1.5-MWh battery headed for test in Arizona

Electrovaya Integrated Battery Systems

The lithium battery will come from Canada's Electrovaya.

Arizona Public Service Company has begun testing a 1.5 MWh energy-storage system the size of a shipping container. The goal of the company’s two-year pilot in Flagstaff, Ariz., will be to determine the benefits for storing solar-generated electricity and putting it onto the grid at times when APS customers need it most. The battery could work as well for wind generated power.

“We plan to study a number of things, including how we can decrease equipment stress on high demand days and how we can provide solar energy to our customers after sundown,” says APS Director of Energy Innovation Barbara Lockwood. “This pilot has great potential to change some of the ways we deliver electricity in the future.”

The energy storage pilot will be two-fold. In 2012, the system, which was developed by Electrovaya Inc., a lithium-ion battery manufacturing company, will reside in an electrical distribution substation. The system will be later trucked a few miles up the road to support a neighborhood-scale solar power plant. In addition, Electrovaya has partnered with ABB, a power and automation technology company, to provide the power conditioning and conversion equipment for the battery energy storage system.

A video of the energy storage system can be found on YouTube at (http://www.youtube.com/watch?v=zNMclgXUUqw&feature=youtu.be).

“This system is possibly the world’s largest Lithium Ion battery in a single container” commented Dr. Raj Das Gupta, Electrovaya’s General Manager, Energy Storage Systems. “Working with major utilities represents a tremendous opportunity for us in the rapidly growing grid energy storage market, and validates the importance of our advanced battery technology and unique toxic chemical-free manufacturing process.”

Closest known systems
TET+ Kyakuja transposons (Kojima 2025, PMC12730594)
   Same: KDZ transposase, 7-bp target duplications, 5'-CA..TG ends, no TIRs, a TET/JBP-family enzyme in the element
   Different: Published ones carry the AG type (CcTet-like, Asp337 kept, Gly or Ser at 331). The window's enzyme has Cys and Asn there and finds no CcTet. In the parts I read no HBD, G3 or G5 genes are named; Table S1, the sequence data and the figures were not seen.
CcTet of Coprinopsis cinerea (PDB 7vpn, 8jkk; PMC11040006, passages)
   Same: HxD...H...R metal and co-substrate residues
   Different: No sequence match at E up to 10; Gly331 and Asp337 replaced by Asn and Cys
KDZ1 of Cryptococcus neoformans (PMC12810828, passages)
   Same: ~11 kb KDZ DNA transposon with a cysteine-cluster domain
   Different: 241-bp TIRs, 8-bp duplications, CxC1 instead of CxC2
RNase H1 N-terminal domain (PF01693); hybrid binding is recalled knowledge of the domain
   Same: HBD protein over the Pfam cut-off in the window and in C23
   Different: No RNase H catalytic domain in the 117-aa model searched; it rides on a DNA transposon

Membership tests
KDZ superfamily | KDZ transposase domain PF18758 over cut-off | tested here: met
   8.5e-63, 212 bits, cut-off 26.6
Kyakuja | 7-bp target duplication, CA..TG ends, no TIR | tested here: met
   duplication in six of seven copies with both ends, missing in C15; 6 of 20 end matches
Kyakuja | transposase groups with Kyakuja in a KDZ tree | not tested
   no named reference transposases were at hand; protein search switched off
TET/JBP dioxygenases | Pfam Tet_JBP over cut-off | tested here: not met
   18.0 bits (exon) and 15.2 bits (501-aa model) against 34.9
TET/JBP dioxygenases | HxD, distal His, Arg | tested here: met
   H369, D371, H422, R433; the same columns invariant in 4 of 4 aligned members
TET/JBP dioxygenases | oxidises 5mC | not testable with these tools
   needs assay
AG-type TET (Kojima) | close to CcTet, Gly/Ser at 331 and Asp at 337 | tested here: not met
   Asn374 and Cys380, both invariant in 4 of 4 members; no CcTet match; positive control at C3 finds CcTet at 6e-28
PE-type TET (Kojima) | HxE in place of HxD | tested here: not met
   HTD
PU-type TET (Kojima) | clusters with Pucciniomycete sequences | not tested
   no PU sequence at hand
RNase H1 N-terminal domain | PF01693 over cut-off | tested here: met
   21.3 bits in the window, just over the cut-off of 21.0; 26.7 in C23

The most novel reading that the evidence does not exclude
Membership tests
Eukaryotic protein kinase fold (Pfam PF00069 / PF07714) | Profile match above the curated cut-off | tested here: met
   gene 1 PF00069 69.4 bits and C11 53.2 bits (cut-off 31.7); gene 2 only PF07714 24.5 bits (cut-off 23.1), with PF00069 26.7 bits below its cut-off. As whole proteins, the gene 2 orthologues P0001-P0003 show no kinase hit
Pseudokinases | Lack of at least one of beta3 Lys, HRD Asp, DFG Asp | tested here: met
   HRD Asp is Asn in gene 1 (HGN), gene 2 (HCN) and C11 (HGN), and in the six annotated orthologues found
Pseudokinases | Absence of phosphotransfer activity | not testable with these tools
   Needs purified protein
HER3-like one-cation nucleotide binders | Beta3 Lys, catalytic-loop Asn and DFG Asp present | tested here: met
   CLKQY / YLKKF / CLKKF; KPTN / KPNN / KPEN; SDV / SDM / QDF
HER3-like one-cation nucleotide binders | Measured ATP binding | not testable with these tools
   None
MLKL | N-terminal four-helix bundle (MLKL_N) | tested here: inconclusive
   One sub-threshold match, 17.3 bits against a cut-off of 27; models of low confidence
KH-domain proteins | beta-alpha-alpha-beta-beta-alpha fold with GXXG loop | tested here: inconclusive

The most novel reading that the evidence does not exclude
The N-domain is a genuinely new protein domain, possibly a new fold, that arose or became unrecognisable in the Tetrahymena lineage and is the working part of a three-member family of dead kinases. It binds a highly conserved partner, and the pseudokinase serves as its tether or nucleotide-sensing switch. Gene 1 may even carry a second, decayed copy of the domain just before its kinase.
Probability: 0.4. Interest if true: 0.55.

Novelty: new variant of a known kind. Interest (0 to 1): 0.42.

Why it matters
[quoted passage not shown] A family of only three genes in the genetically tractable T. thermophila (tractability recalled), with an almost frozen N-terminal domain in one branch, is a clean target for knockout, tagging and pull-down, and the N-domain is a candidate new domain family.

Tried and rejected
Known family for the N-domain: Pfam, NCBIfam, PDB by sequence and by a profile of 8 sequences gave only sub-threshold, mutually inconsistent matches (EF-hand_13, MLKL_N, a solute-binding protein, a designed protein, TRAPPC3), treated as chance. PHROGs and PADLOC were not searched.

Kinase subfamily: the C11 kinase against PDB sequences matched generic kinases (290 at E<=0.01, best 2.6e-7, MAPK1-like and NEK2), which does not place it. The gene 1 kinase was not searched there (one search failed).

In the substation, the system will store energy when it is inexpensive and the electricity flowing through the substation equipment is at lower capacity. Then, APS can dispatch the energy at times of higher demand when electricity is more expensive to purchase or produce and equipment is at maximum capacity.

“The steadier flow of electricity on peak days could keep our equipment healthy for longer periods, so we can improve reliability and keep maintenance costs down,” says APS Energy Storage Project Manager Joe Wilhelm. “In the future, if a piece of equipment fails and causes an outage, we could also dispatch energy from storage units temporarily until repairs were made.”

At the Doney Park Renewable Energy site, a 500-kW solar power plant, energy storage will help reduce the intermittency of solar power generation and help to get more renewable energy onto the grid. For example, when a cloud passes over and system output decreases slightly, APS can dispatch energy from storage to fill the gap and keep a smooth flow of generation to the grid. APS also plans to test dispatching the energy after dark.

“Energy storage can make renewable resources more reliable for operations teams and consumers. One of the busiest times on our system is between 5 and 9 p.m. That’s when many customers get home from work, turn on lights, the TV and air conditioning. However, by that time, solar systems have largely stopped producing for the day,” says Wilhelm. “With storage, we can gather solar energy during the day and dispatch it in the evening, when it provides the greatest benefit to customers.”

The 500-kW Doney Park Renewable Energy site is part of the APS Community Power Project. With Community Power, APS is studying the effects of a high concentration of solar energy in a single neighborhood as part of a $3.3 million U.S. Department of Energy grant awarded in 2010. In addition to the solar plant, 125 APS customers and a local elementary school are generating electricity from rooftop solar systems.

Flagstaff is home to several APS Energy Innovation pilots. In addition to Community Power, APS is engaged in a self-healing/self-isolating grid pilot and a distribution fault anticipation pilot. The latter two technologies help predict and manage system faults, resulting in reduced power outages and quicker repair times.

Arizona Public Service Company
www.aps.com

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